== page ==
I
    [1] Plaintiffs first argue that the trial court erred in not allowing oral testimony from Mr. Tucker at the 1 April hearing. The record on appeal does not, however, contain the information necessary for us to review this assignment of error.
    Rule 9 of the North Carolina Rules of Appellate Procedure provides that "review is solely upon the record on appeal and the verbatim transcript of proceedings, if one is designated, constituted in accordance with this Rule 9." The record on appeal is specifically required to contain "so much of the evidence . . . as is necessary for an understanding of all errors assigned, or a statement specifying that the verbatim transcript of proceedings is being filed with the record pursuant to Rule 9(c)(2), or designating portions of the transcript to be so filed." N.C.R. App. P. 9(a)(1)(e). As appellants, plaintiffs bore the burden of ensuring that all necessary information was included in the record on appeal as required by Rule 9. Miller v. Miller, 92 N.C. App. 351, 353, 374 S.E.2d 467, 468 (1988) ("It is the appellant's responsibility to make sure that the record on appeal is complete and in proper form."). Plaintiffs have, however, neither filed a transcript of the motion hearing nor included documents in the record that would enable us to review any refusal by the trial court to allow Mr. Tucker's testimony.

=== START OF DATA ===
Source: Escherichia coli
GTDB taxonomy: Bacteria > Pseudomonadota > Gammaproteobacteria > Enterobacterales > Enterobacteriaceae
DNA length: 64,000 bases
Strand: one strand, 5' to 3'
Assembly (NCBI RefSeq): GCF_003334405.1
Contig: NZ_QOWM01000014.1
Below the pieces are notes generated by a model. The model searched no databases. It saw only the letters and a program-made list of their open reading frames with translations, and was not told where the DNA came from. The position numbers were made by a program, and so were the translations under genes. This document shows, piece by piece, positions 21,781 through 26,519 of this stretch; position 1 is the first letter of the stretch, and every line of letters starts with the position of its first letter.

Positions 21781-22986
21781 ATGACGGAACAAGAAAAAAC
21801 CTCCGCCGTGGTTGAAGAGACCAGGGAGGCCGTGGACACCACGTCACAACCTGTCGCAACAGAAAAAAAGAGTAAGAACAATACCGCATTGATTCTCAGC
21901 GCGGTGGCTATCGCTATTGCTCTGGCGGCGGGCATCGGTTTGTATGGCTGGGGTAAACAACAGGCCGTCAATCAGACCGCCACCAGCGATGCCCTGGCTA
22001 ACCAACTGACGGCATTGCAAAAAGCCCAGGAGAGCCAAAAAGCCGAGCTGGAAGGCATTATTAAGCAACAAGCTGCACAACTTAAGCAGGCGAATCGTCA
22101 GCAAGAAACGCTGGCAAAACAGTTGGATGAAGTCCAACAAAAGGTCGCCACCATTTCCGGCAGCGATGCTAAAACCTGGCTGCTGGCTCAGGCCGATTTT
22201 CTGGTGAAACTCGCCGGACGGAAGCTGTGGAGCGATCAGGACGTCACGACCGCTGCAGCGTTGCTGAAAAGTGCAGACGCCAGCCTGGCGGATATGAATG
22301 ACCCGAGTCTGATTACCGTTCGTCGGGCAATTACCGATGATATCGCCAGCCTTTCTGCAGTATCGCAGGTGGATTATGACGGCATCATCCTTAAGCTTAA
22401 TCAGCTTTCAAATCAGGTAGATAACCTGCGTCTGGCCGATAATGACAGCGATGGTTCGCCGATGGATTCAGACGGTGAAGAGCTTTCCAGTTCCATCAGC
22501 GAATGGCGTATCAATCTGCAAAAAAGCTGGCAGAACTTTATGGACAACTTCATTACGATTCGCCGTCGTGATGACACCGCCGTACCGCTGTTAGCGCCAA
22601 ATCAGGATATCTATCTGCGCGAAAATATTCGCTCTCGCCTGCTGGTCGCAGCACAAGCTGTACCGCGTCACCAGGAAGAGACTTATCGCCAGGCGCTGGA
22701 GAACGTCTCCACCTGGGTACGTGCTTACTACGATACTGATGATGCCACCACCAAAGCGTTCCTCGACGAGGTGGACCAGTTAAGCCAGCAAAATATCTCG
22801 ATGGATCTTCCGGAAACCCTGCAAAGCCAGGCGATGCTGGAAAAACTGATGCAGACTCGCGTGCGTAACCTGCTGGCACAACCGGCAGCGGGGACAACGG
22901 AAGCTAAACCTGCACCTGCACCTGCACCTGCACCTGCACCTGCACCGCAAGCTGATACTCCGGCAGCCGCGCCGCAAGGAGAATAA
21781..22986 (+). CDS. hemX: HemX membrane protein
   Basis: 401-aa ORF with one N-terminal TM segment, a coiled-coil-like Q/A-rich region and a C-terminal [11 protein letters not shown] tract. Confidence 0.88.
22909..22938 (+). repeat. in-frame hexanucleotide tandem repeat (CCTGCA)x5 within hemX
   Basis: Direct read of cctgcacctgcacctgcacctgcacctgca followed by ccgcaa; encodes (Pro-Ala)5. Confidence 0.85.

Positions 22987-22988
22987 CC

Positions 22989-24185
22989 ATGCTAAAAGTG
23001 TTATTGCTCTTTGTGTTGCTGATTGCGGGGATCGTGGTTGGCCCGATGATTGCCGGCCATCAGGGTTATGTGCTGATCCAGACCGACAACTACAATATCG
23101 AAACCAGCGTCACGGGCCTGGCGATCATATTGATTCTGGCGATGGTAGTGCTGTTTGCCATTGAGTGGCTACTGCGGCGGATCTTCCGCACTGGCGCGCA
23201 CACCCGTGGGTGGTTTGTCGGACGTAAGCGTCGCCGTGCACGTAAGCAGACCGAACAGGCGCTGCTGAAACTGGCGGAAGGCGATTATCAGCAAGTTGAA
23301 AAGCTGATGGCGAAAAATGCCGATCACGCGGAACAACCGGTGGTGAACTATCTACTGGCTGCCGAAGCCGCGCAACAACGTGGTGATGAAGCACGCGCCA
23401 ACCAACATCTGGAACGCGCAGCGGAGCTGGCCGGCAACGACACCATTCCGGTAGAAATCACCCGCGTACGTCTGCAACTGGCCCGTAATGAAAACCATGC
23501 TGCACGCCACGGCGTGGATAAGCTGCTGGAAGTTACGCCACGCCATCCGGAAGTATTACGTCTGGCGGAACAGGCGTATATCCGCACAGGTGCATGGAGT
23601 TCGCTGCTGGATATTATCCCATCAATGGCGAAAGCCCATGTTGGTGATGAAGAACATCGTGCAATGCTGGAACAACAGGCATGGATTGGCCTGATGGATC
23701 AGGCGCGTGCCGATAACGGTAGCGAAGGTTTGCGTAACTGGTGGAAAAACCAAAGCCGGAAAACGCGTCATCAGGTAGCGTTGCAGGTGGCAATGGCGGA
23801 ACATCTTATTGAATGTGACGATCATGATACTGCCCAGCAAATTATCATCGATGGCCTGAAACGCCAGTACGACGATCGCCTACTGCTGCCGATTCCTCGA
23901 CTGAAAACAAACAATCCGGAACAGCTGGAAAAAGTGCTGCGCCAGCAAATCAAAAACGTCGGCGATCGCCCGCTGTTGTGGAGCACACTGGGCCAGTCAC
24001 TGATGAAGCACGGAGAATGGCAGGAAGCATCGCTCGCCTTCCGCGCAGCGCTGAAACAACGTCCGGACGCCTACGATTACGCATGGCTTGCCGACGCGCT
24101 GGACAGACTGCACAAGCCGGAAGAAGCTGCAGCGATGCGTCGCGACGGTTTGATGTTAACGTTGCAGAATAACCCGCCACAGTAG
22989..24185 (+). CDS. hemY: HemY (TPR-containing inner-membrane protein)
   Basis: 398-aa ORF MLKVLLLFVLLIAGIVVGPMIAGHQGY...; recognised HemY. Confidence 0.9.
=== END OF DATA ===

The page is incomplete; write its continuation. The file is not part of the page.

Because plaintiffs did not file a transcript, our review is limited to the record on appeal. The record contains nothing showing (a) that plaintiffs specifically requested that Mr. Tuckerbe allowed to testify, (b) the reasons they argued to the court to allow the testimony, or (c) the reasons that the court relied upon in refusing to grant plaintiffs' request. Without having some indication of the basis for the trial court's ruling, we cannot determine whether the court's refusal to allow oral testimony was an abuse of discretion. See Lowder v. All Star Mills, Inc., 60 N.C. App. 699, 704-05, 300 S.E.2d 241, 244 (a trial court's decision to hear a pretrial motion only on affidavits is reviewed for abuse of discretion), disc. review denied, 308 N.C. 387, 302 S.E.2d 250 (1983). In fact, the record does not even contain any evidence that the trial court ever issued the ruling challenged on appeal.   (See footnote 1)  Since plaintiffs have failed to include in the record the evidence or other documentation necessary for an understanding of the issue on appeal, this assignment of error is overruled.